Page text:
Thursday, July 21, 2011

An unconventional crisis response

The conventional wisdom regarding successful crisis communications involves saying sorry and moving on.

In the case of Transocean, the company that owned and ran the Deepwater Horizon, the opposite approach seems to be working.

Transocean has taken a no-holds-barred approach to the April 20, 2010, disaster, refusing to apologize and placing the blame squarely on BP.

Bloomberg Businessweek recently ran a cover story on the situation that included a hypothesis on the reasoning behind Transocean's approach. In essence, the survival of Transocean is at stake. The total liability for the accident could be $50 billion, which would sink Transocean. BP is a much bigger corporation:  it had revenue of $297 billion last year, compared to Transocean's revenue of more than $9 billion.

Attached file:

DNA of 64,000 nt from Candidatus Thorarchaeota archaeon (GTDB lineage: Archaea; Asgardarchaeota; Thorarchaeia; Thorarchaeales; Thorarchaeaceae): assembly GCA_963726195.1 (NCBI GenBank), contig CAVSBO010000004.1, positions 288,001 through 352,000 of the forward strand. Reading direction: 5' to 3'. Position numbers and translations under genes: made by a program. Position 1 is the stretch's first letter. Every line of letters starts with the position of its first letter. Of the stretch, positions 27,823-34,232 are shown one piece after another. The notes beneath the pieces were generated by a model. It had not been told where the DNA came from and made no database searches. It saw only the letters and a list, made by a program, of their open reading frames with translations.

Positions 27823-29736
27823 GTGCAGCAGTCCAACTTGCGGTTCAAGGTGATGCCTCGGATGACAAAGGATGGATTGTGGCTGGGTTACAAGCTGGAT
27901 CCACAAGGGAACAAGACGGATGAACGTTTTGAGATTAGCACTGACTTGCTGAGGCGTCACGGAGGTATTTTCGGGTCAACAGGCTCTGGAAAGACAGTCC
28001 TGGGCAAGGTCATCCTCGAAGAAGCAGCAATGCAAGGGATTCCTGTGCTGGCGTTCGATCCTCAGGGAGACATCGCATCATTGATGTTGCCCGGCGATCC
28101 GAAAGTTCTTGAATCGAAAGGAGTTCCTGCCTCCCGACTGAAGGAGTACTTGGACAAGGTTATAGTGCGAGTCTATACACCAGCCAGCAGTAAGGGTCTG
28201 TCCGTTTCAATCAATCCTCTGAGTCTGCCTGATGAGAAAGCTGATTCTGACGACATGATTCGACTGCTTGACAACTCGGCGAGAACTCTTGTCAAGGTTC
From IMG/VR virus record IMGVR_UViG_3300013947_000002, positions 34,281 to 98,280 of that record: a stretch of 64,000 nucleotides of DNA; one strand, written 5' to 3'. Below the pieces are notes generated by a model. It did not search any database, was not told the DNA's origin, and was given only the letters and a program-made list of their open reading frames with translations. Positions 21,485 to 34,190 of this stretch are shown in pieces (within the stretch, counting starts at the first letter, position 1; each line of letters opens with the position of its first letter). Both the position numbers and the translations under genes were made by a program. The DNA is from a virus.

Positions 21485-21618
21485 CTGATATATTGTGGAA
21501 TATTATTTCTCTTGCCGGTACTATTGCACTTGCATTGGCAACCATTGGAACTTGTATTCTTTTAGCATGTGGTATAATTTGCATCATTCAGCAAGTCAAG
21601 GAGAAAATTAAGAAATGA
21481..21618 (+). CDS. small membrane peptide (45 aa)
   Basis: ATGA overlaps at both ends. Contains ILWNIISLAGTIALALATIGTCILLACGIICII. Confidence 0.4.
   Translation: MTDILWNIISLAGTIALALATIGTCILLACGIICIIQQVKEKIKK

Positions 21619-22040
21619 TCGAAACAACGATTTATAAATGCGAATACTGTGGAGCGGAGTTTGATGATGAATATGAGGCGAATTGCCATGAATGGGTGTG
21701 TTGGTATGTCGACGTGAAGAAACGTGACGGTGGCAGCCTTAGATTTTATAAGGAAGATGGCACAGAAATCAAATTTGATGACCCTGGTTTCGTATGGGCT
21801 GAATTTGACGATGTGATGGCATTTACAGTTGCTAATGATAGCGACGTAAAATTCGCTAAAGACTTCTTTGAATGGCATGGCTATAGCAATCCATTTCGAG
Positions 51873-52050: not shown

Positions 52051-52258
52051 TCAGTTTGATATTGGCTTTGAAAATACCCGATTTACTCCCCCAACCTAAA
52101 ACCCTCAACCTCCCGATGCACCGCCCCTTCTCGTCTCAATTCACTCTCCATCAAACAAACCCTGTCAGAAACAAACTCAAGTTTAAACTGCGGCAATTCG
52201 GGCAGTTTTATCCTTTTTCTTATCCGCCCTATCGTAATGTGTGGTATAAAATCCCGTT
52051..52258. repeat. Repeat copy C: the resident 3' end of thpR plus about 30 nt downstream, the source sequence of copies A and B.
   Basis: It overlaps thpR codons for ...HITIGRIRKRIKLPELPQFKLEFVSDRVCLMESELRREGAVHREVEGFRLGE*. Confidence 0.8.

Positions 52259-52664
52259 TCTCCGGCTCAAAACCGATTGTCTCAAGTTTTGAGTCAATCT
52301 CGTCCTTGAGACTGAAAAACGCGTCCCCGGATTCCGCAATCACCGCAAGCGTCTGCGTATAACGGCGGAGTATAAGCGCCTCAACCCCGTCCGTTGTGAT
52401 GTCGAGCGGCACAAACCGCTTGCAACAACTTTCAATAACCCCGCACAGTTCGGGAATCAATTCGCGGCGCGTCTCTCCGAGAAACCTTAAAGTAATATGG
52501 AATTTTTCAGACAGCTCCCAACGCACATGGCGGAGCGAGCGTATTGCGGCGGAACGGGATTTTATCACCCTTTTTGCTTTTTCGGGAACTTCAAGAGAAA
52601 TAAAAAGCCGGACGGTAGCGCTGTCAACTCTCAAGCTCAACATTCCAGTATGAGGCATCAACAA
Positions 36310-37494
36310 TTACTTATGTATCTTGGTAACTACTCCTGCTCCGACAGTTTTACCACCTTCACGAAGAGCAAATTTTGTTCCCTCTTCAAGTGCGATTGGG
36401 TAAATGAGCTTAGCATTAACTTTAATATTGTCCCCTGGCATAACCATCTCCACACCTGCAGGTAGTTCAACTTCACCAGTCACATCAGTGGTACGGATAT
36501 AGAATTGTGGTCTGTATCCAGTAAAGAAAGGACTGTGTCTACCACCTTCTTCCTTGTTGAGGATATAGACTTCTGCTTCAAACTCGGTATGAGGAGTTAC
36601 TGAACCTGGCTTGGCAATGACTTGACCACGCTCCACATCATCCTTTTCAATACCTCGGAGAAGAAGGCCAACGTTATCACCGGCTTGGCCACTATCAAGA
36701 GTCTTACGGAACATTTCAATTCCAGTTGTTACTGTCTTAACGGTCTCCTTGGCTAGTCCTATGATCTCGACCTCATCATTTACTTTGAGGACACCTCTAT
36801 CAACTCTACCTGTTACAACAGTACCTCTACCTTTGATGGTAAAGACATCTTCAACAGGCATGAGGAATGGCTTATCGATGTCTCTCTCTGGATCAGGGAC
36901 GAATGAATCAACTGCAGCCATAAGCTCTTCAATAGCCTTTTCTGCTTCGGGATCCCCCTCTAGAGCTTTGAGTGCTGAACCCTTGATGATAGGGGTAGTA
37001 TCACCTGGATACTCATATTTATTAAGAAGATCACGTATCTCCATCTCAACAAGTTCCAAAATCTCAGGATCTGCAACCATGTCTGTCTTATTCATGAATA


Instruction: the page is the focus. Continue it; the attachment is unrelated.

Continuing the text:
While the dispute will take a long time to wind its way through the legal system, it appears that Transocean already is beating BP in the court of public opinion.
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